Among the surprises in the news from Microsoft and AOL Time Warner that they had settled a private antitrust lawsuit regarding AOL’s Netscape unit was a pledge that the two would “explore” ways to achieve interoperability of their Instant Messaging platforms.
As part of Microsoft’s plan to pay AOL Time Warner $750 million to settle anti-competitive charges AOL had filed over Microsoft’s bundling of its IE browser with its desktop software, the companies agreed to collaborate on a number of projects.
In addition to collaboration on digital media distribution, AOL receives a royalty-free, seven-year license of Microsoft’s browsing technology; the two have agreed to work on a number of digital media initiatives, including the use of Microsoft’s Windows Media Player software.
But almost buried in the news was a note that the two companies “have agreed to explore ways to establish interoperability between AOL and MSN Instant Messenger networks in a manner that will protect consumer privacy, security and network performance.”
In a Thursday afternoon announcement that effectively ended years of open hostilities between the two companies, the IM angle stood out.
After years of shying away from compatibility with other instant messaging networks, AOL indicated that it would consider ways to make its proprietary system compatible with Microsoft’s MSN Messenger.
It’s a radical change for AOL, which has fought hard to ensure that third parties can’t connect to its AOL Instant Messenger network. In early versions of MSN Messenger, Microsoft provided users the ability to sign on to AIM — but was ultimately locked out of the service by AOL.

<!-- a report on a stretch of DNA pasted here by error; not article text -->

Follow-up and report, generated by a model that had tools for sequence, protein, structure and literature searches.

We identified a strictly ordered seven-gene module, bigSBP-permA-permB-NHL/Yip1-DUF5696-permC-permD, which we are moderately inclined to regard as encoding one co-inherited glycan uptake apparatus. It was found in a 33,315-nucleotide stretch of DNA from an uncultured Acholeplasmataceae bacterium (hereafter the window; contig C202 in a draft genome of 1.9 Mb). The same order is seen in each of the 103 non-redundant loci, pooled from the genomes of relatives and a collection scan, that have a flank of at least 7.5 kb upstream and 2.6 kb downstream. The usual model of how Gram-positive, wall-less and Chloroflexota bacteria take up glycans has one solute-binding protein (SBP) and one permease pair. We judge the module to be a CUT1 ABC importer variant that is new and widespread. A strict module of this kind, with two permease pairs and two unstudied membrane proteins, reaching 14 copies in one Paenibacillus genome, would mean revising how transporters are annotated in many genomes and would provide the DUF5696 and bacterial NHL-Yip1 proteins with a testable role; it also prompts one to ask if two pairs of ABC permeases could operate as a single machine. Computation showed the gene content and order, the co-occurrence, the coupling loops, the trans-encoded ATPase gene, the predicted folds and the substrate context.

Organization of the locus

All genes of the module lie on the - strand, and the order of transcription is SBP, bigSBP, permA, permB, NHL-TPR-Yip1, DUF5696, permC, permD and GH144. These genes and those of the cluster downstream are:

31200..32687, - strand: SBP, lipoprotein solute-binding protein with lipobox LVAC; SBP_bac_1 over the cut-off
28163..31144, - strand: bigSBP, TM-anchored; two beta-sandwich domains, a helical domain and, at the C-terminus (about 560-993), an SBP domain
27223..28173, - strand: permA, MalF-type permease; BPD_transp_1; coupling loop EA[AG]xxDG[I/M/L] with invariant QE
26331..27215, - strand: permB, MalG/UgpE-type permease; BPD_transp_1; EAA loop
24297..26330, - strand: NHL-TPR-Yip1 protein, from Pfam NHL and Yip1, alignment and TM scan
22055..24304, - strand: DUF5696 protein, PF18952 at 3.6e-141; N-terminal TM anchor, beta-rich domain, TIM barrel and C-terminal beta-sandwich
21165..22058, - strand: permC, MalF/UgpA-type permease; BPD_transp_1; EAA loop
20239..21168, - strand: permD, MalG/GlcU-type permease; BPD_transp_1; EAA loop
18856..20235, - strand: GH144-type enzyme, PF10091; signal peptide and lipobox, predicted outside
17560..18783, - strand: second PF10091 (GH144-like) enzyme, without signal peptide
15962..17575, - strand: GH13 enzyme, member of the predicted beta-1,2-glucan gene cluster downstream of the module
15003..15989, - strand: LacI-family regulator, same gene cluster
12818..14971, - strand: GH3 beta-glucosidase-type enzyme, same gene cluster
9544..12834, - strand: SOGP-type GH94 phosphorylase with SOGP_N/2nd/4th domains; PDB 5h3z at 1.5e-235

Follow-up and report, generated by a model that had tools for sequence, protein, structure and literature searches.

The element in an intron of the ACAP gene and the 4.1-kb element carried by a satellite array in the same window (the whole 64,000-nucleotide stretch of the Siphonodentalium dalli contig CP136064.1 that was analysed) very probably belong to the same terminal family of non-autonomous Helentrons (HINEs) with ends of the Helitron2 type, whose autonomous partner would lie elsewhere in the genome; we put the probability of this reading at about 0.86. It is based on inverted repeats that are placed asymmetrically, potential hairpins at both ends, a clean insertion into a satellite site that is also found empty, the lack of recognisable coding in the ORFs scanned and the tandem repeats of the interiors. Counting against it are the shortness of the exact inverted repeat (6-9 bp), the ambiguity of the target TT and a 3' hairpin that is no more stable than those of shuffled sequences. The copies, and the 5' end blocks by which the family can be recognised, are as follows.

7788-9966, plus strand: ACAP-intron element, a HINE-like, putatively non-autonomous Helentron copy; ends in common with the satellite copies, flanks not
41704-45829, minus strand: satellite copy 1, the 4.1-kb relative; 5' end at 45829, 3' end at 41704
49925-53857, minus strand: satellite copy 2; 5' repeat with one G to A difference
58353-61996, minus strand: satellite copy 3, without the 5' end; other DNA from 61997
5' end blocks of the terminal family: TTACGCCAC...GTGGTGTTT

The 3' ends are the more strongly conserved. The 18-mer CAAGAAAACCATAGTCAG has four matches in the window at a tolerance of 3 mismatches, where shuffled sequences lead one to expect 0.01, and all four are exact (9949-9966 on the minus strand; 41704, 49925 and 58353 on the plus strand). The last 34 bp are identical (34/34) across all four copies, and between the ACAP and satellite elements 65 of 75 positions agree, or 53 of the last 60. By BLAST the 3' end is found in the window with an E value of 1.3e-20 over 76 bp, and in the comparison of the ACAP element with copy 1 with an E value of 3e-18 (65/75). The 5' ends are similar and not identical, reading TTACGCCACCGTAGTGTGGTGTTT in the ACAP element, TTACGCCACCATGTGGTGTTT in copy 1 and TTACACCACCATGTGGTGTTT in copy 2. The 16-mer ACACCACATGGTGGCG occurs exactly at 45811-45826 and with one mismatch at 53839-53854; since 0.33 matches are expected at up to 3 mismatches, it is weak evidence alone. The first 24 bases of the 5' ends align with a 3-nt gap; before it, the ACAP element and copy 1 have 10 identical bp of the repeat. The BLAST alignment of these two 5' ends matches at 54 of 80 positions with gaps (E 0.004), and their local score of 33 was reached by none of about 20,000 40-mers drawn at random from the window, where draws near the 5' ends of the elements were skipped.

While AOL said it would look into the matter, interoperability is far from guaranteed. As part of a settlement of AOL said only that it and Microsoft would “explore ways” to interoperate, and that any compatibility would come about only in a way that would “protect consumer privacy, security and network performance.”
That condition has been the crutch on which that AOL has leaned in the past when coming under pressure to open its network to outsiders. Concerns during the America Online-Time Warner merger prompted the Federal Communications Commission to mandate that AOL must either open its systems to exchange messages with unaffiliated third party systems, or prove that it is no longer “dominant” in the IM sector before it can deploy advanced, broadband IM-based services, such as videoconferencing.
As a result, AOL initially said it would work to establish server-to-server interoperability with other IM systems and tested a link to IBM Lotus’s Sametime (now Lotus Instant Messaging) enterprise IM system. But the media conglomerate said that the tests proved unfeasible, due to “the state of technology development, marketplace conditions, and the significant resources that would be required to peruse server-to-server interoperability,” according to a letter to the FCC from Steven Teplitz, the company’s associate general counsel.
If the companies do succeed in establishing interoperability, the change would dramatically revamp the public IM landscape, which so far has been dominated by free, closed networks like AIM, MSN Messenger and Yahoo! Messenger.
For one thing, it would enable AOL to meet the FCC’s conditions on deploying those broadband, IM-based services, which its two large competitors each have launched — bringing the network up to par with rivals’ features.
It also could pave the way for the major networks to offer other, specialized IM-based services in an effort to differentiate themselves. AOL confirmed earlier this week that it is looking into scenarios like fee-based IM-centric dating services, an initiative first reported in The New York Times.